Bolter's continued use of deconstruction places the theory in symptomatic light: deconstruction is a symptom of the late age of print, a dissatisfaction with the ability of print text to do the things readers and writers wish to do with it. Instead of the interminable, mental play of signs consuming all, as deconstructions tend to, Bolter works to make deconstruction more "manageable," or at least less terrifying. The current interest in hypertext in composition and literature can be seen, in this light, simultaneously as a symptom for the fragmentation of modern society as well as a way to deal with that fragmentation in a positive, non-dominating manner.
The hypertext may be finite, but the interconnectedness of the text (explicit interconnections) means that there is no endpoint, no transcendental signified to the signifying chain. Hypertext is a medium in which resistance to participation with the text is impossible (Moulthrop and Kaplan, in press). Students cannot resist interconnection because their writings--even when they express disagreement with the original text--are necessarily a portion of the new text.
In this way, hypertext programs such as STORYSPACE move beyond one of the most noted difficulties of deconstruction, what Bolter terms deconstruction's obsession with "an endless transit from one passage to another" (p. 204). Because deconstruction is interminable, it never moves out into the real world. Even deconstructive or postmodernist readings of the world share similar characteristics. But the deconstruction of a hypertext takes place visibly, infinitely but in a finite area (the physical limits of the computer). The deconstructed text is in the world.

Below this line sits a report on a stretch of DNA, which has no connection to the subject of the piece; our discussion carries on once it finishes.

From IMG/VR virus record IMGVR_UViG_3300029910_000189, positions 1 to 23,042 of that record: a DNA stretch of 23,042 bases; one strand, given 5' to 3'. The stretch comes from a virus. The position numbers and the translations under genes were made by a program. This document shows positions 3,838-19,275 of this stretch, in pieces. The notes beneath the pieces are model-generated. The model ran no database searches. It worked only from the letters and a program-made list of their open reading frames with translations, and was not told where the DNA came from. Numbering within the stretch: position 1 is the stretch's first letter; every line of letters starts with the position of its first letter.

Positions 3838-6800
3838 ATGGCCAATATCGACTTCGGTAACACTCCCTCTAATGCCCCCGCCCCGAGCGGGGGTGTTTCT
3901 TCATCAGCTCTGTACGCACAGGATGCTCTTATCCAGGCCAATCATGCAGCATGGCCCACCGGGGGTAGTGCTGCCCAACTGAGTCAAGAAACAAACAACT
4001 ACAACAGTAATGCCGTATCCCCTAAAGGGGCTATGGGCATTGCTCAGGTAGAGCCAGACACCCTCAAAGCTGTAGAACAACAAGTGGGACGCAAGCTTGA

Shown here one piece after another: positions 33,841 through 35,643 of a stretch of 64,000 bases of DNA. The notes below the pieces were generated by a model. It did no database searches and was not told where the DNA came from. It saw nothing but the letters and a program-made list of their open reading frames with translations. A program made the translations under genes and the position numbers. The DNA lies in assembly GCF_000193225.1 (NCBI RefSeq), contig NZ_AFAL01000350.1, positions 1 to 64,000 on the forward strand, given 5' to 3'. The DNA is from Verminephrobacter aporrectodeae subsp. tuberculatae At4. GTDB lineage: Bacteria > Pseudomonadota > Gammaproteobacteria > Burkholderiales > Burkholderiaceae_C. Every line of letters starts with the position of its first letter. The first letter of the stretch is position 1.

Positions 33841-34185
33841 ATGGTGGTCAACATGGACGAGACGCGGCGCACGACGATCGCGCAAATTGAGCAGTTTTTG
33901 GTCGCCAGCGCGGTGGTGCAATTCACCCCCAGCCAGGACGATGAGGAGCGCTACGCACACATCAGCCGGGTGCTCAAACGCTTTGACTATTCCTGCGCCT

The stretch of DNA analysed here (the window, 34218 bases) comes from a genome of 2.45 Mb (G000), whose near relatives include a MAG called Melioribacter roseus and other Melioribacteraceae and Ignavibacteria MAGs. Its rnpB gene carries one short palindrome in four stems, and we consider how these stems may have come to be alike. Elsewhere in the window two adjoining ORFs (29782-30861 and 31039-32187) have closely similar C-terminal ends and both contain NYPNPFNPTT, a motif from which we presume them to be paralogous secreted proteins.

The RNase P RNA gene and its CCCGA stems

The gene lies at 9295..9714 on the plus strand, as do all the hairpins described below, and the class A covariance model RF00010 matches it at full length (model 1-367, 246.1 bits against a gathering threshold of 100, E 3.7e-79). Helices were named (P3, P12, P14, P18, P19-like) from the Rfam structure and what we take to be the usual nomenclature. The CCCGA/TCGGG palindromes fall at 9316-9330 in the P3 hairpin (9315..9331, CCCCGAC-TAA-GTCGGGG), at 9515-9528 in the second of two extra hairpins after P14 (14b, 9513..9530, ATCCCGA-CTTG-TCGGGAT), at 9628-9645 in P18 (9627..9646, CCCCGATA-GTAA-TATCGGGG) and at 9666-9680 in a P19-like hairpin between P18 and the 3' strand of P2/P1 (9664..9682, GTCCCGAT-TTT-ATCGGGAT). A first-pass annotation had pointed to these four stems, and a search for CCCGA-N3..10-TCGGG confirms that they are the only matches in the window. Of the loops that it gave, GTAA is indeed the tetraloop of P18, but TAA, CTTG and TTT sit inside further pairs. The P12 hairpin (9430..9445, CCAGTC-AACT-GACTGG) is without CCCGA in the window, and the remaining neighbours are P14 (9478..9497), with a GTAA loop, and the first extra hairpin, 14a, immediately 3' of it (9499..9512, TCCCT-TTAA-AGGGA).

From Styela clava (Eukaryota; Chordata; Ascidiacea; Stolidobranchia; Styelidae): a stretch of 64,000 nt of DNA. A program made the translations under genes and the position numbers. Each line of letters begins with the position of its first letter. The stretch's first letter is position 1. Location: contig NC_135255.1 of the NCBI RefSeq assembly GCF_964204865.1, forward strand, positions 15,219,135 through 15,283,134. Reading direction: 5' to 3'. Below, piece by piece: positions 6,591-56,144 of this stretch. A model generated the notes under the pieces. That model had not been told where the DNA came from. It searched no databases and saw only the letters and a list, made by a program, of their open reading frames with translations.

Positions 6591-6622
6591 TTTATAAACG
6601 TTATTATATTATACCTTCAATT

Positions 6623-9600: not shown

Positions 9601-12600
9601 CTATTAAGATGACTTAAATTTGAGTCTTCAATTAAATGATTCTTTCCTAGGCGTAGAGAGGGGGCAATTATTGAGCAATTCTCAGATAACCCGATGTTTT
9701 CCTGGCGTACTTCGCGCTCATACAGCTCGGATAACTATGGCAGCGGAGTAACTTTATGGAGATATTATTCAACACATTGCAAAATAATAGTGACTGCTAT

Our culture, as well, is seen by Bolter as "a vast writing
space" undergoing the same types of changes as text (and
for many of the same reasons): "[J]ust as our culture is
moving from the printed book to the computer, it is also in the
final stages of the transition from a hierarchical social order
to what we might call a 'network culture'" (232). In a society
such as our own, Cultural Literacy and Great Books movements seem
misplaced because they attempt to place a singular hierarchy on
our fragmented society(ies). The guiding idea of the Great Books
program is that individual writers were able to isolate their
own ideas into a timeless place that can be viewed and appreciated
(although not touched). In composition theory, at least, such
programs ignore intertextuality, culture and change, and the personal